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19th-Century Tombstones Returned
by Howard Roden
Staff Photos by Jason Fochtman

Sergeant Kelley Smith, with the Montgomery County Sheriff’s Office, finishes preparing a stone base as Detective Keith Jones and Lt. David Moore set one of three stolen headstones from the 1800s that were returned to their resting place at County Line Cemetery. Investigators believe they were stolen for their unique design and white granite from the cemetery in San Jacinto County. “Whoever did this will have to pay for it someday,” said Lt. David Moore, with the Montgomery County Sheriff’s Office.

SAN JACINTO COUNTY – Atop the main entrance into County Line Cemetery is a sign that announces “Dear Ones at Rest.”

There was a sense of peace Wednesday morning when members of the Auto Theft Task Force returned three granite grave markers to their proper place in the cemetery.

Carolyn Dawson looks over the layout of the County Line Cemetery as three stolen headstones from the 1800s were returned to their resting places in County Line Cemetery Wednesday.

The County Line Cemetery is located behind the County Line Primitive Baptist Church (est. 1873). The vandalism was the first the cemetery has experienced, said Carolyn Dawson, the cemetery association’s secretary-treasurer.

Detective Keith Jones, with the Montgomery County Sheriff’s Office, cleans a base of one of three headstones Wednesday.

The ATTF discovered the markers early Saturday when investigators delved through a storage shed on Cude Cemetery Road, near Lake Conroe in Montgomery County. Among the items believed stolen were a dually pickup truck, tools, an ATV, a utility trailer – and the three grave markers.

“It was a total surprise when we opened the storage shed and saw the markers,” said Sgt. Kelly Smith, of the ATTF. “At first, we thought they were props. But when we learned they were real, it was extremely heart-wrenching.”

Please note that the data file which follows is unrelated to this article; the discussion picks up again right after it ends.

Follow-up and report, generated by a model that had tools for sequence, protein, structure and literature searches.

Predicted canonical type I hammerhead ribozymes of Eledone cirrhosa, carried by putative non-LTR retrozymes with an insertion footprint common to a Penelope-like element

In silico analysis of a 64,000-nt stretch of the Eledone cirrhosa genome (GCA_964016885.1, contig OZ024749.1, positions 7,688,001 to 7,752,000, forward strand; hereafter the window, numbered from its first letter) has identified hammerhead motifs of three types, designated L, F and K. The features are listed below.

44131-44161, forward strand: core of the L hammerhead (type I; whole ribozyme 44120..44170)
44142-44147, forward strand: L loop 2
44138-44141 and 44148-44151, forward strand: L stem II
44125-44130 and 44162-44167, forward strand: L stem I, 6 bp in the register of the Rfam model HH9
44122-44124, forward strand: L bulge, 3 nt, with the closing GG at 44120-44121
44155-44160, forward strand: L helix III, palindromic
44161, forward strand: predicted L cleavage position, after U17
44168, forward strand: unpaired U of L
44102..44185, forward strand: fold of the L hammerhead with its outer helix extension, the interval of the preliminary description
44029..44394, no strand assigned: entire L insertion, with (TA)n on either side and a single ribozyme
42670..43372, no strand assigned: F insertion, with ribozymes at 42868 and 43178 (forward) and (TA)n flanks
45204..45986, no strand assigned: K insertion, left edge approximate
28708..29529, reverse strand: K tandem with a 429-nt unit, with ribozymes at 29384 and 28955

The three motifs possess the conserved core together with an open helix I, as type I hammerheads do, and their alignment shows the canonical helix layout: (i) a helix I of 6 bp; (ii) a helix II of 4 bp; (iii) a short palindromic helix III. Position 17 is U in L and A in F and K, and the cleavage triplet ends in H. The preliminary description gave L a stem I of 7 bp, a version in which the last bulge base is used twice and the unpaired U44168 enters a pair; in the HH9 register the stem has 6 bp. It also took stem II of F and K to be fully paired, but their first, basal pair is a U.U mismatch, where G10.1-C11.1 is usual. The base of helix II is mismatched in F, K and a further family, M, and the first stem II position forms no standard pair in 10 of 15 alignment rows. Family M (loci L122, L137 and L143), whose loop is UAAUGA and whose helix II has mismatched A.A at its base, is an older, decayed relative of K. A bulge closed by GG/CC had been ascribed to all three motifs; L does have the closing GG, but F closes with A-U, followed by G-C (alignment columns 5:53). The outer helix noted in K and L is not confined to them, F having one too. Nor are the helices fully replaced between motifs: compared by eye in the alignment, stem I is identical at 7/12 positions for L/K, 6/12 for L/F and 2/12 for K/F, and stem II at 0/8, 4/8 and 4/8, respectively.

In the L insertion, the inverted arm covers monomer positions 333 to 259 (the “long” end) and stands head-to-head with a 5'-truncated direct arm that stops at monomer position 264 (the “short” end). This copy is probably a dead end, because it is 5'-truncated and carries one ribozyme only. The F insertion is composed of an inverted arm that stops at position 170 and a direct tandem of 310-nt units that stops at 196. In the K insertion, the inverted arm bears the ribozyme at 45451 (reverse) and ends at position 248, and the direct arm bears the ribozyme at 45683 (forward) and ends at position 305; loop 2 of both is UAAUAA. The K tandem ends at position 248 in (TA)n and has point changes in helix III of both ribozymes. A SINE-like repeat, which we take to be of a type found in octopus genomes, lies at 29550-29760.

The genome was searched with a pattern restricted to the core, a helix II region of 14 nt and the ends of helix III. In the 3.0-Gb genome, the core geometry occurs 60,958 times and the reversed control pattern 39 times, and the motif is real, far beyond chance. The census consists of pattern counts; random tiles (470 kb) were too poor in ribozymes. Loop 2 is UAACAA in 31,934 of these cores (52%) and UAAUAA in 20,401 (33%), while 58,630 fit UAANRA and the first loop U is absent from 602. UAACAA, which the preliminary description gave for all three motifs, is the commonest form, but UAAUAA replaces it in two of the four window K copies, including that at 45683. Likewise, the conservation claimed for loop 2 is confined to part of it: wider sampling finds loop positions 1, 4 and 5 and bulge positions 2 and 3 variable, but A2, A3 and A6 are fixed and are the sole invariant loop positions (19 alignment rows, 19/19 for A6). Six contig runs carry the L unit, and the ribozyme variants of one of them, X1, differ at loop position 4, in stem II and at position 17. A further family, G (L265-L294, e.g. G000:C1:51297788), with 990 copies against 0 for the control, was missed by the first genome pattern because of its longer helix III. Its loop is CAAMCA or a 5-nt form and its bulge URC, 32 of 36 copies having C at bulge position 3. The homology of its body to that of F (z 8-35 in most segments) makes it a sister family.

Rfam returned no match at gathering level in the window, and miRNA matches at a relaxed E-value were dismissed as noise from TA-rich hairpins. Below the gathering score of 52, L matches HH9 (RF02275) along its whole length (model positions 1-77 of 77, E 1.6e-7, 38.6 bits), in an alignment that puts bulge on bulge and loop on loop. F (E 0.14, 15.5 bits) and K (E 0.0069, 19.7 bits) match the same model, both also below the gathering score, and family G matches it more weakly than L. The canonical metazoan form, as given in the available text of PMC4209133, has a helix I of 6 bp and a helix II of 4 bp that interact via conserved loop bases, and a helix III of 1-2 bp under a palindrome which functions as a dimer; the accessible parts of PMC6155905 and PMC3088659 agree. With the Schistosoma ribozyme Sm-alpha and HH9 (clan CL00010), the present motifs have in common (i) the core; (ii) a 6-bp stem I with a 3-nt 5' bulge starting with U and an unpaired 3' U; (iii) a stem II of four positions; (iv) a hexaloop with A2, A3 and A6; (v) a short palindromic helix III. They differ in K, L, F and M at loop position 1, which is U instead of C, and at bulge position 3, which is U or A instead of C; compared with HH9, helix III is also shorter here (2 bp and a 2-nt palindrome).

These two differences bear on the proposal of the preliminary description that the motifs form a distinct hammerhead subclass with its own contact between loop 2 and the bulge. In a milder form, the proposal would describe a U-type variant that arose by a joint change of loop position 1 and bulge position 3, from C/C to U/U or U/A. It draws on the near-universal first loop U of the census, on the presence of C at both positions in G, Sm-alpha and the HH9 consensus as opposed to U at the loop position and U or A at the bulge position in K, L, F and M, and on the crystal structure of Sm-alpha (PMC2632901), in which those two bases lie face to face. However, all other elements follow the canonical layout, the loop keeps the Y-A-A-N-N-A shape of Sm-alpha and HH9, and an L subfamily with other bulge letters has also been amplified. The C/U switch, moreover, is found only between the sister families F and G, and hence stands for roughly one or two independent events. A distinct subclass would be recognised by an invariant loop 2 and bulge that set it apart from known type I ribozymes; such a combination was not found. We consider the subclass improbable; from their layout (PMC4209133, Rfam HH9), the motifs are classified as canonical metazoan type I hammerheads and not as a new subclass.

While the confiscated vehicles and machinery are valued around $120,000, the value of the markers is priceless to the families of those interred in the cemetery, Dawson said.

“We are very appreciative of the effort by the ATTF to recover the markers,” she said.

ATTF members did more than locate the markers. They brought all three to their respective locations at the cemetery and reattached them using commercial bonding.

The reason for taking the headstones is unclear.

The suspect, Justin White, of Conroe, is in the Montgomery County Jail without bound, ATTF Director David Moore said.

White is charged with three counts of auto theft, a state jail felony, Smith said. A state jail felony has a punishable range of 180 days to two years, plus a possible fine up to $10,000. He has not yet been charged with any crimes related to the grave markers.

Sergeant Kelley Smith, with the Montgomery County Sheriff’s Office, and Detective Keith Jones move one of three headstones as Lt. David Moore looks on Wednesday. 

“Future charges are pending,” Smith said.

“He (White) is a federal parolee, and he’s not talking,” Moore said.

The search for the missing markers did not consume much time, thanks to the Internet. A secretary in the ATTF office tracked down grave markers through the website www.findagrave.com.

“It only took a couple of hours to get a match,” Moore said.

Although located in San Jacinto County – just east of Peach Creek – the cemetery has more than 900 interred with burial space for another 400, Dawson said.

The missing markers included Edney Dean (born Sept. 2 1850, and died Oct. 17, 1886), E.W. Thomas (born April 29, 1836, and died June 14, 1908) and Arthur L. Musgrove (born Nov. 6, 1881, and died Nov. 2, 1888).

Dawson speculated that Musgrove might have been a victim of a worldwide flu epidemic during that period.

The Courier
July 11, 2013

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